Conflicts Between Privileges and Permissions
For the most part, conflicts between privileges and permissions occur only in situations where the rights required to administer a system overlap the rights of resource ownership. When rights conflict, a privilege overrides a permission.
For example, one common administrative task is backing up files and folders. In order to do its job, backup software must be able to traverse all folders in an NTFS volume, list the contents of each folder, read the attributes of every file, and read data in any file that has its archive attribute set. It would not be practical to arrange this access by coordinating with the owner of every file and folder, so the required rights are included in the Back up files and directories (SeBackupPrivilege) privilege , which is assigned by default to two built-in groups: Administrators and Backup Operators. Any user who has this privilege can access all files and folders on the computer for the purpose of backing up the system. The privilege does not give a user the right to access files and folders for any other purpose. A backup operator cannot, for example, use a word processor to open a file if the owner has not granted the backup operator permission to do so.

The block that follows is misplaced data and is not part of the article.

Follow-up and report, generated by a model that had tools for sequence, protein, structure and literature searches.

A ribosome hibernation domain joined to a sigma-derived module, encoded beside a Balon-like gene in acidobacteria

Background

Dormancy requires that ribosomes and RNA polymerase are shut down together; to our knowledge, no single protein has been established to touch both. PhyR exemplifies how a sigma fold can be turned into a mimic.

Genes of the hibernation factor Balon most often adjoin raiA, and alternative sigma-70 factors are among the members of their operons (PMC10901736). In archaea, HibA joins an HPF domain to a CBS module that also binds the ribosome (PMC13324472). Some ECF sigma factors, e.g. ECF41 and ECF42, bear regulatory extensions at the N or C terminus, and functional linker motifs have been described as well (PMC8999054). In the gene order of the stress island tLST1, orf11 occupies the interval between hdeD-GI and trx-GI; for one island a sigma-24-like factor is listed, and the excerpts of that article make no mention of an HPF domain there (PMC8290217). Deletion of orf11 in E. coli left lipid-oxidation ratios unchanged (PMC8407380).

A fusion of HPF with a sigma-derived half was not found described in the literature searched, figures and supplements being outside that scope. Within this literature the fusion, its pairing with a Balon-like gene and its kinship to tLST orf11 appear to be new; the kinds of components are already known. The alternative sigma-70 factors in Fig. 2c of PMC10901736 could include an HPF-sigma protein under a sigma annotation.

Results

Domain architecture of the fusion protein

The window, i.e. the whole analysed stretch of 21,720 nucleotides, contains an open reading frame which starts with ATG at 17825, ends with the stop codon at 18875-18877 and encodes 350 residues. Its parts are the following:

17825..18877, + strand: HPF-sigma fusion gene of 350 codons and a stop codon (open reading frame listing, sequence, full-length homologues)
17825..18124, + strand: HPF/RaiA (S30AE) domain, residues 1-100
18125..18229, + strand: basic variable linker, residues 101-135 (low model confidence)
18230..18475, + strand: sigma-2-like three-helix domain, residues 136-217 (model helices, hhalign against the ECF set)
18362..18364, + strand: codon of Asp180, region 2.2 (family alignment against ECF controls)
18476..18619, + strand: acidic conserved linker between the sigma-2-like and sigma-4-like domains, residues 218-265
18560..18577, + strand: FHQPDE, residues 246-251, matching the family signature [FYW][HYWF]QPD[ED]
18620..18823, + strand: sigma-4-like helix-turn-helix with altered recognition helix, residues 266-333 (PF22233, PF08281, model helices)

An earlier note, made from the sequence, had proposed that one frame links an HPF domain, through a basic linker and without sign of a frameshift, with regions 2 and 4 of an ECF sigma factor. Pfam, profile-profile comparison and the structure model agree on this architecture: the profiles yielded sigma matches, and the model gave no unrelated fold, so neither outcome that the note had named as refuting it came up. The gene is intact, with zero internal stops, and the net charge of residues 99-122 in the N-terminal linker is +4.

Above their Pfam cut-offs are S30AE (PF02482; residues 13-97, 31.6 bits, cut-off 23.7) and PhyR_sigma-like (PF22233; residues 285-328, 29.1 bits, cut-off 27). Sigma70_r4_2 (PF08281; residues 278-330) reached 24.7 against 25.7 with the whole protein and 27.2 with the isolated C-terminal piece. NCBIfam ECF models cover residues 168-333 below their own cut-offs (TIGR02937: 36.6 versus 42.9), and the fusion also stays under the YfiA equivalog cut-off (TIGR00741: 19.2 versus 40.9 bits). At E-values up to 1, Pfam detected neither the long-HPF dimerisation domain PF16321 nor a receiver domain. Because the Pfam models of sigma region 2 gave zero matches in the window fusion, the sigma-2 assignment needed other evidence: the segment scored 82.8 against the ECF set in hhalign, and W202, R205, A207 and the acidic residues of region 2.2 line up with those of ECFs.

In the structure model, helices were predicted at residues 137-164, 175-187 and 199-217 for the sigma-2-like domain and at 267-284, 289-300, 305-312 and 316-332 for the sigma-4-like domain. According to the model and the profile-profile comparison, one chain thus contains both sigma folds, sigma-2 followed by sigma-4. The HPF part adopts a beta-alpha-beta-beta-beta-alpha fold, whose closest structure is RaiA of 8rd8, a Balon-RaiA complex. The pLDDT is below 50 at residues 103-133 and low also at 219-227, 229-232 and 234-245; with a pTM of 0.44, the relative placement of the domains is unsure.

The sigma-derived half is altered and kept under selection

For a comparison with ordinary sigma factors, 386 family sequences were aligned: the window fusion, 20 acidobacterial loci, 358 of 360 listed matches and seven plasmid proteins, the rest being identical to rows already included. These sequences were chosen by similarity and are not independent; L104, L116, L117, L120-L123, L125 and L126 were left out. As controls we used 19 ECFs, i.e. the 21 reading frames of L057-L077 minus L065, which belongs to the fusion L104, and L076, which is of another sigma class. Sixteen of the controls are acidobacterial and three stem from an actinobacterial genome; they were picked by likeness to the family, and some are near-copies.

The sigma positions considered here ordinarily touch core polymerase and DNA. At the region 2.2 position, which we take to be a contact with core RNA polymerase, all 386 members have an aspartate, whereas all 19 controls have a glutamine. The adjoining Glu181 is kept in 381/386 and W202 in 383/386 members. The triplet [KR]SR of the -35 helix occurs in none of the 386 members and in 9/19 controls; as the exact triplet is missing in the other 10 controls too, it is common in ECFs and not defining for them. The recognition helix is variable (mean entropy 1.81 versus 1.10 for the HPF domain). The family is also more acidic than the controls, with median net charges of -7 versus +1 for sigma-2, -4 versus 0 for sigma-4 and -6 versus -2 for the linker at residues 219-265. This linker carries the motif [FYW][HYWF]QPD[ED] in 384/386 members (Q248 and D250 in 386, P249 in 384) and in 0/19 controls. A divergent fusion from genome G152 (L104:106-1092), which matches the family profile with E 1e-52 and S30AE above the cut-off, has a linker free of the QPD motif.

The ability to take ownership of files and other objects is another case where an administrator's need to maintain the system takes priority over an owner's right to control access. Normally, you can take ownership of an object only if its current owner gives you permission to do so. Owners of NTFS objects can allow another user to take ownership by granting the other user Take Ownership permission. Owners of Active Directory objects can do the same thing by granting another user Modify Owner permission. If the current owner gives you permission, and you do take ownership, you can do whatever you want with the object. You can even deny the previous owner access to it. For this reason, owners are understandably reluctant to give Take Ownership or Modify Owner permission to anyone. However, the people who own objects do sometimes change jobs or leave the company altogether, and they do not always take care to give another user permission to take ownership of resources they leave behind. This is exactly the type of situation for which the Take ownership of files or other objects (SeTakeOwnershipPrivilege) privilege is intended. A user who has this privilege can take ownership of an object without the current owner's permission. By default, the privilege is assigned only to the built-in Administrators group. Used correctly, it allows an administrator to take ownership of an abandoned resource and then transfer ownership by granting another user Take Ownership or Modify Owner permission.